If You Have to Ask, You Can’t Afford It
I’m in a quandary. I want new stores and services to come into my neighborhood, but I get nervous when they do. I can’t help but wonder, is this how the gentrification starts? Starbucks, Trader Joe’s, Whole Foods and pale people in skinny jeans pretty much signal the beginning of the end in any neighborhood-of-color here in New York City. But Pizza Hut didn’t seem too threatening. I was actually glad to see it give some competition to Domino's, Papa John’s, and Little Caesar’s.
When I was finally in the mood for pizza, I made a special trip to the Hut. It’s not a full-service, dine-in location, just a corner outpost. That was fine. It fit in with the evening’s Netflix plans. I parked, went in, perused the menu, and noticed there were no prices.
Sometimes, I have a habit of not seeing things that are right in front of me. When I was a kid my parents chided this tendency calling it inattentive and lazy, but I think it’s my brain’s way of dealing with information overload. It can’t take in everything all at once. So it doesn’t.
Of course there were prices. There had to be. Sure, it had been a while since I’d eaten at a Pizza Hut. But I didn’t think in the interim it had become an upscale eatery. I wanted mushrooms and pepperoni, not lobster and diamonds.
It had been a long day. I figured my brain just needed a minute. So I took a breath, blinked*, and looked at the menu again; still no prices. (*I am well aware that blinking is a no-no for Doctor Who fans. But considering the paucity of marble angel statues in the hood, I took a chance.)
I said to the guy behind the counter, “Um… is it free?”
“What?” he said.
“Is it free? The pizza? There are no prices on the menu. Is everything here free?” Not an outrageous question really. Perhaps this was Pizza Hut’s way of giving back to the community. Nothing says love like carbs, cheese, and processed meat.
Now it was his turn to blink.
He said, “I don’t know how much to charge you. But if you order on line I can give you a better deal.”
Better than what? I didn’t know since I had nothing in hand to compare it with. Was he serious?
He was serious.
So it was my turn to blink again. And so I did, more slowly this time: First the left eye, then the right, then together. Okay, maybe it was more of a twitch. I considered calling in my order but I had the surreal image of me standing there at the counter, phone ringing in my ear and in the shop and the guy in front of me not answering.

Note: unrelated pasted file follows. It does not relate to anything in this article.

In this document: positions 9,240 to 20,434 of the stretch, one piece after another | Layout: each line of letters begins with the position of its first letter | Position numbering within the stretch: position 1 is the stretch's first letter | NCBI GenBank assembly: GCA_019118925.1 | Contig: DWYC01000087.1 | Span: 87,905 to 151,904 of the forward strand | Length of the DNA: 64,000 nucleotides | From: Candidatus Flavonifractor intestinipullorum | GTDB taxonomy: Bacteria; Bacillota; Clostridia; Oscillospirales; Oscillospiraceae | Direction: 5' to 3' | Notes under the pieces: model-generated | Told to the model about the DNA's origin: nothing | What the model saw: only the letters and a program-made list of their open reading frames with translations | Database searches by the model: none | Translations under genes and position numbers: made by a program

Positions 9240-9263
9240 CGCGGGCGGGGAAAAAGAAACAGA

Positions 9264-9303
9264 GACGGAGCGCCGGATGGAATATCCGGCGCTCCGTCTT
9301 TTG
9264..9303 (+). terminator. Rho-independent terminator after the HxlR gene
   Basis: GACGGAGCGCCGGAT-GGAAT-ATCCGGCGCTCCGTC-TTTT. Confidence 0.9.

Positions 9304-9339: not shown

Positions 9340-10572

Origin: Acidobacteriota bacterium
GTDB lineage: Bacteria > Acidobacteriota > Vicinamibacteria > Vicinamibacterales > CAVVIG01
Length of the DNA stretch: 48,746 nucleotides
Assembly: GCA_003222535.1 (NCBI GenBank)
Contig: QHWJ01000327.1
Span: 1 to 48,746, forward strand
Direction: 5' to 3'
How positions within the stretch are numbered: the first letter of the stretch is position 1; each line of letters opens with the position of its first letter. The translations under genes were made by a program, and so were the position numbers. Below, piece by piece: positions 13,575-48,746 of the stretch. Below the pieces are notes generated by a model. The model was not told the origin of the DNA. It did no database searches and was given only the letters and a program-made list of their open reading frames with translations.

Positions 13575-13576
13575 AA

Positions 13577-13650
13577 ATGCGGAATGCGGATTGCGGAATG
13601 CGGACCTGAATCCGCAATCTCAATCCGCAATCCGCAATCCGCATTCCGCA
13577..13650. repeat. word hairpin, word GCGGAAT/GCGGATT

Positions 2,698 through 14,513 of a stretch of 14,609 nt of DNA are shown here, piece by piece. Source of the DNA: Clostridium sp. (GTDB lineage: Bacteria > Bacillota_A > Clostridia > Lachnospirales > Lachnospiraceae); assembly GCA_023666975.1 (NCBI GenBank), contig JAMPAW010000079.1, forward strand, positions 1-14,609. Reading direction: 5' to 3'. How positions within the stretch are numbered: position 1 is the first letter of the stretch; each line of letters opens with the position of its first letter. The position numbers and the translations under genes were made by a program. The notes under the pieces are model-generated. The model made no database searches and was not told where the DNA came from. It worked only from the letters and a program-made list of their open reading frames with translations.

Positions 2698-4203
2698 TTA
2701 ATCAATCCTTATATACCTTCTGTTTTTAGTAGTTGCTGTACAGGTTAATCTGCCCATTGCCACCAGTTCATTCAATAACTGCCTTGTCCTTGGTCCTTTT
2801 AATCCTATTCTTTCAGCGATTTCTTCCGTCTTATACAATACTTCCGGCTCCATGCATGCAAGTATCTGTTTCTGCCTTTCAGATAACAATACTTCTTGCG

I felt foolish for stating the obvious but I said it anyway: “Why would I order online, when I’m right here in the store and there is no line?”
And he said, “But it’s easy. Do you have a smart phone?” Of course, I have a smart phone but technology is supposed to facilitate not aggravate. And this exchange was facilitating my aggravation. Clearly I wasn’t blinking enough.
I thought of my Dad who by choice has one of those basic lifeline phones. It's not smart enough to order pizza. But apparently I wasn’t smart enough to order it either. I foolishly thought there might be posted prices for people who walk in off the street and dare to order the old-fashioned, 3-D, live and direct way. There wasn’t. And so me, and Pizza Hut’s designated representative just stood there blinking at each other. (I began wondering what was taking the angels so long. Wouldn’t it be lovely to have one of them zap me back to the recent past to just before I made the decision to visit this Twilight Zone outpost?)
When my brain finally grasped the unreal reality of the situation it suggested that I instead go home and have a salad. Nothing says true love like fresh salad fixin’s from the market. Sure I could have gone to one of the other suspiciously numerous local pizza purveyors but the moment had passed.
A few weeks later I dropped by Pizza Hut again, mainly to see if Rod Serling was still skulking about. There continued to be no prices on the paper menu but they now had a menu and prices on the flat screen display installed on the wall above and behind the counter. That had not been there before. I swear. I know I miss stuff but it’s hard to overlook a bright, big ass flat-screen. And if it had been there before, the Pizza Hut Guy would’ve pointed it out instead of giving me blither-blather about ordering online. But now, I was no longer in the mood for Pizza. Just walking in gave me a sudden and inexplicable craving for salad. Where’s a Whole Foods when you need one?
The Urban Erma, the longest running column on StageTimeMagazine.com, was created and written by stand-up comedian Leighann Lord. Listen to the podcast on iTunes and Stitcher Radio. Watch the video edition on YouTube.com. If you enjoy The Urban Erma share it with your friends. (Share it with people who are not your friends and maybe they will be.)